I recently fell in love with ‘Futurama’, the sci-fi action cartoon that merges black, surreal comedy with toilet humor. Being set in the future allows vast technological improvements to be assumed, and with it the anthropomorphizing of everyday objects, making Furturama the heir to the Flintstones, though the apple falls far from the tree in the dystopian amount of consumer safety failures. One of the main characters is a highly anthropomorphized robot named Bender (forgive me if you are familiar with the show), a self-centered and cruel humanoid machine with a taste for the thrill of larceny.
Settling for Compatibilism
In a recently viewed episode (season nine, episode nine), Bender is brought to trial for an attempted robbery of the girl scouts, but is
found not guilty when Bender’s (talking blue southerner chicken) counsel argues that as a robot, Bender lacks free will, and is thus not responsible for his actions. Rather than being happy that he is not to be punished, Bender is devastated that people might think that he didn’t really do all the “cool” things that he did. He then goes on a spiritual journey to find meaning in a life devoid of free will, and along the way there are various statements embedded in the dialogue in favor of compatibilism. Eventually, Bender accepts compatibilism after giving up hope in a more robust idea of free will, coming to believe that meaning comes from embracing one’s actions. However, when Bender learns of a computer chip that makes robot free will possible, he recognizes his error in settling for compatibilism and begins his search for free will.
Though more a psychological issue than a philosophical one, the episode does seem to argue that compatibilism is a second-best theory wherein we settle for an altered version of free will that is in significant ways different from what we think are the necessary conditions for free will. The compatibilist might be right that the necessary conditions that our folk-psychology provides are not actually necessary. The question becomes whether the compatibilist owes us an explanation for why we think libertarian conditions are necessary for free will. I do not think that they owe us this sort of explanation, but I do think the onus is on the compatibilist to show how their conditions adequately address the features that the libertarian thinks are necessary.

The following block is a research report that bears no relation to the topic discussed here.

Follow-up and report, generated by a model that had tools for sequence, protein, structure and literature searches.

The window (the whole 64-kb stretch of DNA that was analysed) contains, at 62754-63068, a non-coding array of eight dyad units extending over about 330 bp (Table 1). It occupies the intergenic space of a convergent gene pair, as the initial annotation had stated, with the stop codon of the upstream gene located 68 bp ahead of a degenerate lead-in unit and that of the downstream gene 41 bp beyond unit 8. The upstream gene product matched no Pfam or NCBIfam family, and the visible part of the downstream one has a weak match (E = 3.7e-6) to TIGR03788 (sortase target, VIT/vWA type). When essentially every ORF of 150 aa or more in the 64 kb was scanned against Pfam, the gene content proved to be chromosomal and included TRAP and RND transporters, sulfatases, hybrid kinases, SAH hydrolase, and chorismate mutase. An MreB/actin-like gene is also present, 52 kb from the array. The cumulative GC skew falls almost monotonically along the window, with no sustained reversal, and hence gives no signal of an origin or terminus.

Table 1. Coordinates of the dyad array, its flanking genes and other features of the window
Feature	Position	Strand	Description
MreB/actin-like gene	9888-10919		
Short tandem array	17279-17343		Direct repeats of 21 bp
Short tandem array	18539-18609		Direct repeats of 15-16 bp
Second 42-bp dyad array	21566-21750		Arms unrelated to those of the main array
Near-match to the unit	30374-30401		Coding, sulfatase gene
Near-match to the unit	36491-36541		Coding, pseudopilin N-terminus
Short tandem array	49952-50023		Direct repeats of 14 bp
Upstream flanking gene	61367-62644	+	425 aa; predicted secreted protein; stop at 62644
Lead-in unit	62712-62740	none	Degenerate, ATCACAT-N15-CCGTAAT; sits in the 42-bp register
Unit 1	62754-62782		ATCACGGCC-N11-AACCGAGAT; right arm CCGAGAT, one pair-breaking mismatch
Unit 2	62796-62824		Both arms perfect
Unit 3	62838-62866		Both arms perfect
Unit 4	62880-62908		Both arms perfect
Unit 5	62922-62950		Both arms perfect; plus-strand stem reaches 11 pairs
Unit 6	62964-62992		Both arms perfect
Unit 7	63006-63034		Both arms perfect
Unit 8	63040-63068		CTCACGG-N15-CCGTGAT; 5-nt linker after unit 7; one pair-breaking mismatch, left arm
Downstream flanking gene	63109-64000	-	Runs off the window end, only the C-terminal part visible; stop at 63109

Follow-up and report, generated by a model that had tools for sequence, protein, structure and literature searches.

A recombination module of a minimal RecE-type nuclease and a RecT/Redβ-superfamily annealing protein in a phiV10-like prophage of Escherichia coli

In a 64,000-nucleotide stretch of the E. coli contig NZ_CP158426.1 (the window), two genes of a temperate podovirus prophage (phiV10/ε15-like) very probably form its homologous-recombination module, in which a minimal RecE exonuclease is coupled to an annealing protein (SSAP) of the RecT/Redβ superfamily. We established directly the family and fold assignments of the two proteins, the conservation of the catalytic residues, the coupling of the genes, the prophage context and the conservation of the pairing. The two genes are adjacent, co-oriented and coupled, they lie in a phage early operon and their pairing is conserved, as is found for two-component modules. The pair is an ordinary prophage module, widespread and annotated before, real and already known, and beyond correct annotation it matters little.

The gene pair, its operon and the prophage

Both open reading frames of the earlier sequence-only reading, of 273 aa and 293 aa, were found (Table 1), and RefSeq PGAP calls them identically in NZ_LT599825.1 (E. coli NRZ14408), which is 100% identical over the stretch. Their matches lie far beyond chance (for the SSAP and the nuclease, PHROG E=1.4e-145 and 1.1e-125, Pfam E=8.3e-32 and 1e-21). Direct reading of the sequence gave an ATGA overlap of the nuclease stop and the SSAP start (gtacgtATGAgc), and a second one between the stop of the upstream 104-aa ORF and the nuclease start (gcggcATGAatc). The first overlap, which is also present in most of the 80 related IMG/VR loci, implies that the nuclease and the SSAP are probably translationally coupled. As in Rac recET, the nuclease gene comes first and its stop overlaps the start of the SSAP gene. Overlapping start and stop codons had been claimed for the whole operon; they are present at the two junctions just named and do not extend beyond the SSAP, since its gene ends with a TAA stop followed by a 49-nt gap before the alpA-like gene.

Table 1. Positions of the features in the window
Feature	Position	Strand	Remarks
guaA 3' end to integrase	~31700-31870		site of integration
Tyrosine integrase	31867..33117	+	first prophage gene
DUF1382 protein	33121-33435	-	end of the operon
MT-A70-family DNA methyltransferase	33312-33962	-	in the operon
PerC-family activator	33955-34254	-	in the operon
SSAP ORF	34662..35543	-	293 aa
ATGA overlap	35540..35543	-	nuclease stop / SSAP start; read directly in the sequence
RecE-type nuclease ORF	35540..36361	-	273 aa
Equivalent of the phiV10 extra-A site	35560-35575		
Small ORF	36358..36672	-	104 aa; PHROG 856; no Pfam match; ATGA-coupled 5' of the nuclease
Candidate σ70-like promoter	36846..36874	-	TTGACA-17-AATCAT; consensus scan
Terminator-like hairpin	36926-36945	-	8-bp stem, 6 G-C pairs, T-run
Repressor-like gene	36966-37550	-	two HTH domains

Freedom in Jail
There appears to me another implicit argument against compatibilism. After getting the free will chip, Bender commits another crime and being responsible for his actions, this time is found guilty. As he is dragged away to jail, Bender is positively ecstatic, saying, “woohoo I did it!” The compatibilist will have difficulty addressing this sentiment. After all, the compatibilist is not concerned about the origin of internal compulsions to act, but is concerned with whether an action is forced or prevented by external events. In jail, Bender’s internal compulsions will be prevented by external factors, such that the compatibilist thinks that Bender will not be free upon going to jail. There is an obvious tension here between what Bender thinks and what the compatibilist thinks. Bender is happy to go to jail because for him it means he has free will, but for the compatibilist, Bender is celebrating the fact that he does not have free will.